qeth devices, namely OSA-Express and HiperSockets, have a vast array of functionalities that is easy to get lost in. This entry illustrates some of the most commonly sought functionalities, while trying to avoid confusing the reader with too much background information.
Initially, the only way to enable promiscuous mode on OSA-Express adapters and HiperSockets was through the so-called bridgeport mode. The concept of the bridgeport mode distinguishes between between ports as follows:
- Primary bridgeport: The primary bridgeport receives all traffic for all destination addresses unknown to the device. Or, in other words: If the device receives data for a destination unknown to it, instead of dropping it, it will be forwarded to the current primary bridgeport instead. Which further implies that as soon as an operating system registers a MAC address with the device, traffic destined for that MAC address becomes "invisible" to the bridgeport.
Note: Only a single operating system can use the primary bridgeport on an adapter at any time.
- Secondary bridgeport: Whenever the operating system that currently has the primary bridgeport gives up on it, one of the secondary bridgeports will become the new primary. An arbitrary number of operating systems can register as a secondary bridgeport.
Bridgeport mode is available in Layer 2 mode only. Furthermore, HiperSockets devices need to be defined as external-bridged in IOCDS.
Use attributes in the device's sysfs directory as follows:
- bridge_role: Set the desired role (none, primary, or secondary), and query the current one.
- bridge_state: Query the current state (active or inactive)
Bridgeport mode effectively provides a promiscuous mode. But note that in addition to enabling the primary bridgeport mode, the respective interface has to have the promiscuous mode set, still!
All in all, here is how usage of this feature typically looks like:
$ echo primary >/sys/devices/qeth/0.0.bd00/bridge_role
# verify that we got primary bridgeport, not secondary, and are active:
$ cat /sys/devices/qeth/0.0.bd00/bridge_state
$ cat /sys/devices/qeth/0.0.bd00/bridge_role
# enable promiscuous mode on the interface
$ ip link set <interface> promisc on
The downside of this approach is that only a single operating system per device can enable the primary bridgeport mode, which scales only that far. Therefore, something better, with more functionality was introduced to the platform.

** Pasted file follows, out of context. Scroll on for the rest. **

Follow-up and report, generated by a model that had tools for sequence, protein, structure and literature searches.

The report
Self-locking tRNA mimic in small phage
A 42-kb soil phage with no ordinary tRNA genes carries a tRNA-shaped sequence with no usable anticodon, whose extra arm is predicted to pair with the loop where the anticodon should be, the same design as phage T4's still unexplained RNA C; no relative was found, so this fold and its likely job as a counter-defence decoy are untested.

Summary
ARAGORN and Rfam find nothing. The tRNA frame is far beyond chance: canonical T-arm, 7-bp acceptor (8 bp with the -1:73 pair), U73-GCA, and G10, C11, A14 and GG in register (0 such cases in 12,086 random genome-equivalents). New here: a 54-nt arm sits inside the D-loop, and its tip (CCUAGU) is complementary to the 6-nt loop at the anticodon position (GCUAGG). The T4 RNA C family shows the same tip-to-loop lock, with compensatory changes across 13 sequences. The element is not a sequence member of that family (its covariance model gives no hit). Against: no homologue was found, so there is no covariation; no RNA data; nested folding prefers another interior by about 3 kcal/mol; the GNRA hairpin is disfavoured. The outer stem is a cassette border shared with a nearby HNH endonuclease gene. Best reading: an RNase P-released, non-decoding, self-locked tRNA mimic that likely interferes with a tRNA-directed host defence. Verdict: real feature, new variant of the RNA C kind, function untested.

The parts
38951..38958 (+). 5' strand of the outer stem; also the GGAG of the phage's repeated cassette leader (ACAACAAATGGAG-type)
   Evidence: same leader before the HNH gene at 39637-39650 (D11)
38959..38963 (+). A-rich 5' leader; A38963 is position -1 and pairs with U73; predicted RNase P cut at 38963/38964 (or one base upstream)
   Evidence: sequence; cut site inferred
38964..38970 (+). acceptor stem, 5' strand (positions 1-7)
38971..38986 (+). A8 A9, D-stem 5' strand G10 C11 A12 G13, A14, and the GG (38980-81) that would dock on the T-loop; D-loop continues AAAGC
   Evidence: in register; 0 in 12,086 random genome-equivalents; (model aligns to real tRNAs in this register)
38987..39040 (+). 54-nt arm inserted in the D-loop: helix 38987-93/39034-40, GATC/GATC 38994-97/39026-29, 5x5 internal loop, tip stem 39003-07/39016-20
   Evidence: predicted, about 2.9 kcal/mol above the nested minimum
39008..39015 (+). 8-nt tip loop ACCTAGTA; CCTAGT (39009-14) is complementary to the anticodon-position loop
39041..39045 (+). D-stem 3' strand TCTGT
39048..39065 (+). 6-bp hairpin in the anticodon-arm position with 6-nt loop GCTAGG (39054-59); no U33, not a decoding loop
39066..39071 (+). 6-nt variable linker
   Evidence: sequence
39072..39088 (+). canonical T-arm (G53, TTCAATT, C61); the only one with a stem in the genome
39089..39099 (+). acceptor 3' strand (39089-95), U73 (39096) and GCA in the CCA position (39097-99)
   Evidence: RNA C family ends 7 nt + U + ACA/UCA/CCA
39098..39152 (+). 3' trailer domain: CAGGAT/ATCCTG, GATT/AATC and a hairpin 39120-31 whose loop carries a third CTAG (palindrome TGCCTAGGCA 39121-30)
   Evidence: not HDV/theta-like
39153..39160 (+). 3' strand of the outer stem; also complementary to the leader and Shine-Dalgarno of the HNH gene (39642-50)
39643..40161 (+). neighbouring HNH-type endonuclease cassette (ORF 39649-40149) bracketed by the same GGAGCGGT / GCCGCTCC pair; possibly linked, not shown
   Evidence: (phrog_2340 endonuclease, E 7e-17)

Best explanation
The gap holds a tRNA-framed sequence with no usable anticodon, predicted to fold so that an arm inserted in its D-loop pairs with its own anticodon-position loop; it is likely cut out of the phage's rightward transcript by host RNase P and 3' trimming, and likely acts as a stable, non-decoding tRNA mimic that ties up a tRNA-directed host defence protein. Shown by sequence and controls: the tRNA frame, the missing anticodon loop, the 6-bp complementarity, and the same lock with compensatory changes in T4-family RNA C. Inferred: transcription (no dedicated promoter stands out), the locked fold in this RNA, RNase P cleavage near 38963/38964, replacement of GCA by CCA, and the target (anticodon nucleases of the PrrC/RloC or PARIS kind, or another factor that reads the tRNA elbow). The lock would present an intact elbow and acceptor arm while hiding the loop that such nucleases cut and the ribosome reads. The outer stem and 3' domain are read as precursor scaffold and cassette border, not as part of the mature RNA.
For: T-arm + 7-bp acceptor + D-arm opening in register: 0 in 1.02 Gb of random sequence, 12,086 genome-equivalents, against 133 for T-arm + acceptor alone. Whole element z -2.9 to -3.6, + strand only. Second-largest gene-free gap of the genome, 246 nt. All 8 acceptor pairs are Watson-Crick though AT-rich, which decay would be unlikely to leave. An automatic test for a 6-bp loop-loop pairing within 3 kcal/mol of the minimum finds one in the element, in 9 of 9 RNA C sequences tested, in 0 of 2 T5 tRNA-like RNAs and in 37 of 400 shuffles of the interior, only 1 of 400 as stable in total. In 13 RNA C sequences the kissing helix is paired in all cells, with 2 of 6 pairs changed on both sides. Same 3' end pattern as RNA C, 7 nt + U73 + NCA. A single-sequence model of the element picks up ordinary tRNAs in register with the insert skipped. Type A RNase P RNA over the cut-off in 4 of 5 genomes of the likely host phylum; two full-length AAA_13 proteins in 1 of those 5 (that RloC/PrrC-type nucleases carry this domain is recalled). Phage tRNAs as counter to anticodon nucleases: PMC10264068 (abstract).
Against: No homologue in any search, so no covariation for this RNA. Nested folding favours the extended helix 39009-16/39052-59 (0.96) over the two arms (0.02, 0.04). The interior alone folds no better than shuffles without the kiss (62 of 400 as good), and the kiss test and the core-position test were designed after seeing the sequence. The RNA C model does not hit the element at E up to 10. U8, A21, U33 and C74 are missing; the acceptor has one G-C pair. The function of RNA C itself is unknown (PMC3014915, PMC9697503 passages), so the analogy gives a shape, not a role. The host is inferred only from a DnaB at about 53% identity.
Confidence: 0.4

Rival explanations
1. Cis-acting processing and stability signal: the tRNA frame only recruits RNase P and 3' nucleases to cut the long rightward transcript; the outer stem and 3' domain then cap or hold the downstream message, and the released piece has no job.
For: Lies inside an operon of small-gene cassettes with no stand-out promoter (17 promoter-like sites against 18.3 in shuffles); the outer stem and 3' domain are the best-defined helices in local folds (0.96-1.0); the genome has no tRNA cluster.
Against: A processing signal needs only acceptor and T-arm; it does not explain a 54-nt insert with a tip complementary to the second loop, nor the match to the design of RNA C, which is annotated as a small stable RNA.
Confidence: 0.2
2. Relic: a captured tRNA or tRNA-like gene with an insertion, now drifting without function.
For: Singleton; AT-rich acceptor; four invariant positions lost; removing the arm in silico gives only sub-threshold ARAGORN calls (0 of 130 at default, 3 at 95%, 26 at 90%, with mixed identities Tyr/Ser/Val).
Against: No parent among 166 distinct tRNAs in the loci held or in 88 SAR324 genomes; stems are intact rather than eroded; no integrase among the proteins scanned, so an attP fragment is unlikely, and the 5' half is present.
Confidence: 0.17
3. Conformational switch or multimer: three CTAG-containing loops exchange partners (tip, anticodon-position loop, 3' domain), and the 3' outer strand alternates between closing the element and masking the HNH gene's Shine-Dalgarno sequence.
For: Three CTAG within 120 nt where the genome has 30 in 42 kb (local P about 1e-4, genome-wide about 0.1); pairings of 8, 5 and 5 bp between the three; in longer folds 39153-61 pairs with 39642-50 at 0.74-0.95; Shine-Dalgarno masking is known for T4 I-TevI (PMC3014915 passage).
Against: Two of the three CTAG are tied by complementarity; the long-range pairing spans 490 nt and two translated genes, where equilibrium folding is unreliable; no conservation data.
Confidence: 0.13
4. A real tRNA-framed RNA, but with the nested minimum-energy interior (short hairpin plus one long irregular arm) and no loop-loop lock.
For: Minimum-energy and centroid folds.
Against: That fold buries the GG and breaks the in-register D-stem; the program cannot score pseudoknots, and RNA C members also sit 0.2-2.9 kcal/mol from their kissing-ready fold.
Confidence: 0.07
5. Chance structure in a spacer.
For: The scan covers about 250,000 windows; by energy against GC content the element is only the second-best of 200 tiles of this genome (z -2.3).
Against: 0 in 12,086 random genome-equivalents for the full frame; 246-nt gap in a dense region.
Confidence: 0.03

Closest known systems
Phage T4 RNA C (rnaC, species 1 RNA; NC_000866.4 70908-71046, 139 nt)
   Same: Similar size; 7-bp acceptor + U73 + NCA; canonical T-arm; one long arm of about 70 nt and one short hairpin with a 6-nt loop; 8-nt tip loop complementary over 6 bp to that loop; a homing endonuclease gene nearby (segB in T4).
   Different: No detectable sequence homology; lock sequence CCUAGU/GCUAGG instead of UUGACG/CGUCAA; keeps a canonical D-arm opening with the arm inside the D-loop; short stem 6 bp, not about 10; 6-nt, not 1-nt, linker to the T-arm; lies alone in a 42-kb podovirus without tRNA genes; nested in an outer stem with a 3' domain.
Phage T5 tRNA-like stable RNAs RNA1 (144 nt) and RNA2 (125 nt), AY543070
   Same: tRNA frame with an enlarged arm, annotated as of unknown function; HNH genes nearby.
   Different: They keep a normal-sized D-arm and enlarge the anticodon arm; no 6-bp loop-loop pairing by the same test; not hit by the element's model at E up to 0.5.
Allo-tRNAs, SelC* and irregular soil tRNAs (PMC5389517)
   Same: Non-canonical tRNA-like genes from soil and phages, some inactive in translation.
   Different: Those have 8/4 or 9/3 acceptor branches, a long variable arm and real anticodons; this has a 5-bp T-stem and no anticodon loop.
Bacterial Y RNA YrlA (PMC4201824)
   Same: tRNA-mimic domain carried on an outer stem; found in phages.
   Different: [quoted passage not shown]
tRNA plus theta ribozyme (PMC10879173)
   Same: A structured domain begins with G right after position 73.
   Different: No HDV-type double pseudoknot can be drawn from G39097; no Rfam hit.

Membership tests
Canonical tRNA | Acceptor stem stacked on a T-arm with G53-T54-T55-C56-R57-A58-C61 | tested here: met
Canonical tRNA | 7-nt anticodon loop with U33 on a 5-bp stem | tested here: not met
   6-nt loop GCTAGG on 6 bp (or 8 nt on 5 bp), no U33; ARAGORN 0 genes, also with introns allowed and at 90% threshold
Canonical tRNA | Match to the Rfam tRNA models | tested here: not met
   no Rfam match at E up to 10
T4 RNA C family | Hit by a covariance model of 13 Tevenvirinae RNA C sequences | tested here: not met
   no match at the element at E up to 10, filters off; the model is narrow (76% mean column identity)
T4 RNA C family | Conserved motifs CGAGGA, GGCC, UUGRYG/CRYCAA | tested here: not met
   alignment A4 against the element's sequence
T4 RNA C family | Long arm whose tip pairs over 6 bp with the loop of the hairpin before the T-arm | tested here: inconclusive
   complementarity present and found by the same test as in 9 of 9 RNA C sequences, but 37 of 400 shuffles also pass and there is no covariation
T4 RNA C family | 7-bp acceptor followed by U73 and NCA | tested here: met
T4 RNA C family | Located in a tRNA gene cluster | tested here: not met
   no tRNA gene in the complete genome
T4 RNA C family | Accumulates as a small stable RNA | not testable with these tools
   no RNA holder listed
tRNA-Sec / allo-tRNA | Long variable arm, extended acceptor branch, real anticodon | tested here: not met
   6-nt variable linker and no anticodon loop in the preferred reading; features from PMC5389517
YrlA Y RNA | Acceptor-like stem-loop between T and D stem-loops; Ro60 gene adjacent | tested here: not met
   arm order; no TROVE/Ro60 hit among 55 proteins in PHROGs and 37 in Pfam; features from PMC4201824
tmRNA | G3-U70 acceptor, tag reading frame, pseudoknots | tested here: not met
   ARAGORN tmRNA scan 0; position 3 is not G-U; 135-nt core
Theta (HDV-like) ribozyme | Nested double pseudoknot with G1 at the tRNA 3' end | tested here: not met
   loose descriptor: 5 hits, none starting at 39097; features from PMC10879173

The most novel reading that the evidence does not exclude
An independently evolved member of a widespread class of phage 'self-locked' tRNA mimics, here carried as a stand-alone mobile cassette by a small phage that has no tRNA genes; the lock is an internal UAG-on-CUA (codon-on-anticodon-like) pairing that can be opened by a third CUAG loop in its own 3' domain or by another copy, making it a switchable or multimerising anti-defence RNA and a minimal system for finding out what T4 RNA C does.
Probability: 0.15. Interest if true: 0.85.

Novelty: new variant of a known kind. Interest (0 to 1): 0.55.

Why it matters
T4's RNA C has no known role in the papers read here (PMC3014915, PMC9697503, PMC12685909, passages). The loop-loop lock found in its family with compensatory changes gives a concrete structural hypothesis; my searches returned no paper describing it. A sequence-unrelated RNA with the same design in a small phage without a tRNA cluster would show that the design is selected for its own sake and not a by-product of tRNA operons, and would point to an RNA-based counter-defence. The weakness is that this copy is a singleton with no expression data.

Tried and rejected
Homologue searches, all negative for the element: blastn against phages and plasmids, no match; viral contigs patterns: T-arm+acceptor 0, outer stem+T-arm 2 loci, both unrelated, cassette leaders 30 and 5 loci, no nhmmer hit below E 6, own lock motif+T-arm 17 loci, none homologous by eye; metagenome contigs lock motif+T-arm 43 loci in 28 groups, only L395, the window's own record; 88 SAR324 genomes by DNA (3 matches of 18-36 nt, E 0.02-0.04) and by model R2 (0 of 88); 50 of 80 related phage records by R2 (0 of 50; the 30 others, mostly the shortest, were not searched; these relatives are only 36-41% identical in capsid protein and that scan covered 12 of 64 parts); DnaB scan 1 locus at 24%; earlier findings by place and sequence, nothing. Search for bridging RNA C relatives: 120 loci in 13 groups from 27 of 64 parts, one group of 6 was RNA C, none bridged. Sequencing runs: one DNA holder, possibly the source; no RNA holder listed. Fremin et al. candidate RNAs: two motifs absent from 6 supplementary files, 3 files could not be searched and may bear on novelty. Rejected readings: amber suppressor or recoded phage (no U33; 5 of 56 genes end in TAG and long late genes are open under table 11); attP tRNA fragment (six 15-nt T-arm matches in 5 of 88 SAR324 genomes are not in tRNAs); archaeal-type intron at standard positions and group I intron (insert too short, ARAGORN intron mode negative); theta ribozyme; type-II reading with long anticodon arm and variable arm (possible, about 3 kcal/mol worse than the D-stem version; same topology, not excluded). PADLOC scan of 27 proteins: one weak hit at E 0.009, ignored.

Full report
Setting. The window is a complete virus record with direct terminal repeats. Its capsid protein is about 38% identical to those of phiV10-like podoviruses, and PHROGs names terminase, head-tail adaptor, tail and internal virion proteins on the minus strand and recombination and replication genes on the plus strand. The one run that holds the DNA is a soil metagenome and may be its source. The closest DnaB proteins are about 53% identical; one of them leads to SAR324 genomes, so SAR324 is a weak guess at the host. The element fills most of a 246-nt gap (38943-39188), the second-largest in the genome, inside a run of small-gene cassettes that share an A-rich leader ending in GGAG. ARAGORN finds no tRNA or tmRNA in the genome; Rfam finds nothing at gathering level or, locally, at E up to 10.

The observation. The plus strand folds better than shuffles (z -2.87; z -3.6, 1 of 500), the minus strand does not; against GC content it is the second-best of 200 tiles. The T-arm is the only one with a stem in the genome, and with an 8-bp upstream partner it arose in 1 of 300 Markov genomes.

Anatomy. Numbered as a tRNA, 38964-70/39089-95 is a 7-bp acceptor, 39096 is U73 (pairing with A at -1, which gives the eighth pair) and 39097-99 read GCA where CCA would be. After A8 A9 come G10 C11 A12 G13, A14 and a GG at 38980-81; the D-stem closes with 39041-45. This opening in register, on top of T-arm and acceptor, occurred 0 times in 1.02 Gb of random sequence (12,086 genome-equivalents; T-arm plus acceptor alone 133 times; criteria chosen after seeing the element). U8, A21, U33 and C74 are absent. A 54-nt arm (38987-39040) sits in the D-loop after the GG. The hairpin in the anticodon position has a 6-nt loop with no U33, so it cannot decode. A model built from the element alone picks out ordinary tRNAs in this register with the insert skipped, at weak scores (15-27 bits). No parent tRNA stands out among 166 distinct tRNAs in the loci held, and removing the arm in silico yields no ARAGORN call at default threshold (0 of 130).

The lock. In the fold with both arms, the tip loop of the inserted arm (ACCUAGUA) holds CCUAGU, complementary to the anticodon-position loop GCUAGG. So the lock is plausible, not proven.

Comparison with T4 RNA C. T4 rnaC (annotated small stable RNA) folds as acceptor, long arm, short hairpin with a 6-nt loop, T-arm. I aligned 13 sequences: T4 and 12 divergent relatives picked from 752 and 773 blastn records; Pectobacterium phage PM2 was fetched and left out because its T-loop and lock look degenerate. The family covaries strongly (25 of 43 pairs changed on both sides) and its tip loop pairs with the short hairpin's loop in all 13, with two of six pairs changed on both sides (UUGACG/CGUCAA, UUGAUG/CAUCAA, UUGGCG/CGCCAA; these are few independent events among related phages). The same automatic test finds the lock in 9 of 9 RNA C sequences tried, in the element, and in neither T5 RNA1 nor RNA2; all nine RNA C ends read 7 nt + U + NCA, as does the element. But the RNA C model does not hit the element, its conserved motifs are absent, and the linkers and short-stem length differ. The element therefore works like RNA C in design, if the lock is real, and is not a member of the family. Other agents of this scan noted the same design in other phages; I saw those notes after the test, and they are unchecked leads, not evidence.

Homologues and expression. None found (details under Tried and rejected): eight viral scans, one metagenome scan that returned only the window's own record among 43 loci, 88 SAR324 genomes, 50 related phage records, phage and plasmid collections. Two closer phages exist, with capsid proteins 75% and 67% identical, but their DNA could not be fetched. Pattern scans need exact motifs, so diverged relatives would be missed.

Introduced with IBM z14/LinuxONE II for HiperSockets, and IBM z15/LinuxONE III for OSA, the VNIC characteristics feature provides promiscuous mode for multiple operating systems attached to the same device, and provides additional functionality which can be very handy especially with KVM.
The VNIC characteristics can be controlled through a number of attributes located in an extra subdirectory called vnicc in the device's sysfs directory.
Let us focus on two main functionalities.
Technically, VNIC does not provide a traditional promiscuous mode (just like bridgeport mode did not in the literal sense), but rather emulates a self-learning switch. However, for users looking for a promiscuous mode that is usable in conjunction with a Linux bridge or an Open vSwitch, the end-result is the same.
To activate, set the attributes as follows:
Again, in addition to enabling the promiscuous mode on the device, the respective interface has to have the promiscuous mode set, still:
ip link set <interface> promisc on
KVM Live Guest Migration
Providing connectivity to virtual servers running in KVM, administrators have two choices to provide connectivity:
- Via Open vSwitch: Requires a promiscuous mode, see above. Virtual servers migrated between the two Open vSwitches will have uninterrupted connectivity thanks to the devices being configure in promiscuous mode, provided that the networking architecture is set up accordingly. The two Open vSwitches may or may not share the same networking device.
- Via MAC Address Takeover: This is only required in case both, the source and the target KVM host share the same device and use MacVTap to connect to it. While the traffic will still run through the same device, some handshaking has to take place to make sure that the MAC address is configured correctly, and traffic forwared to the target KVM host once migration has completed. This has to be authorized - otherwise, an attacker could divert traffic elsewhere.
Luckily, VNIC characteristics offers functionality for MAC address takeover, too. To enable, set the VNIC characteristics as follows:
On the source KVM host:
On the target KVM host:
Note that bridgeport mode and VNIC characteristics are mutually exclusive! Meaning as soon as e.g. a single VNIC characteristics-related attribute is activated, bridgeport-related functionality is not available anymore until that VNIC-characteristic is disabled again.
Furthermore, check your Linux distribution's tools on how to persist the changes outlined above. On many distros, chzdev (comes with the s390-tools package) does the job, but not (yet) on all.
This article only provides a brief overview. Both, promiscuous mode and the VNIC characteristics have a lot more to it than what was covered in this brief overview, which merely aims to provide just enough information to get readers started with the most common usecases. For a deeper understanding, check the respective sections in the Device Drivers, Features, and Commands book.
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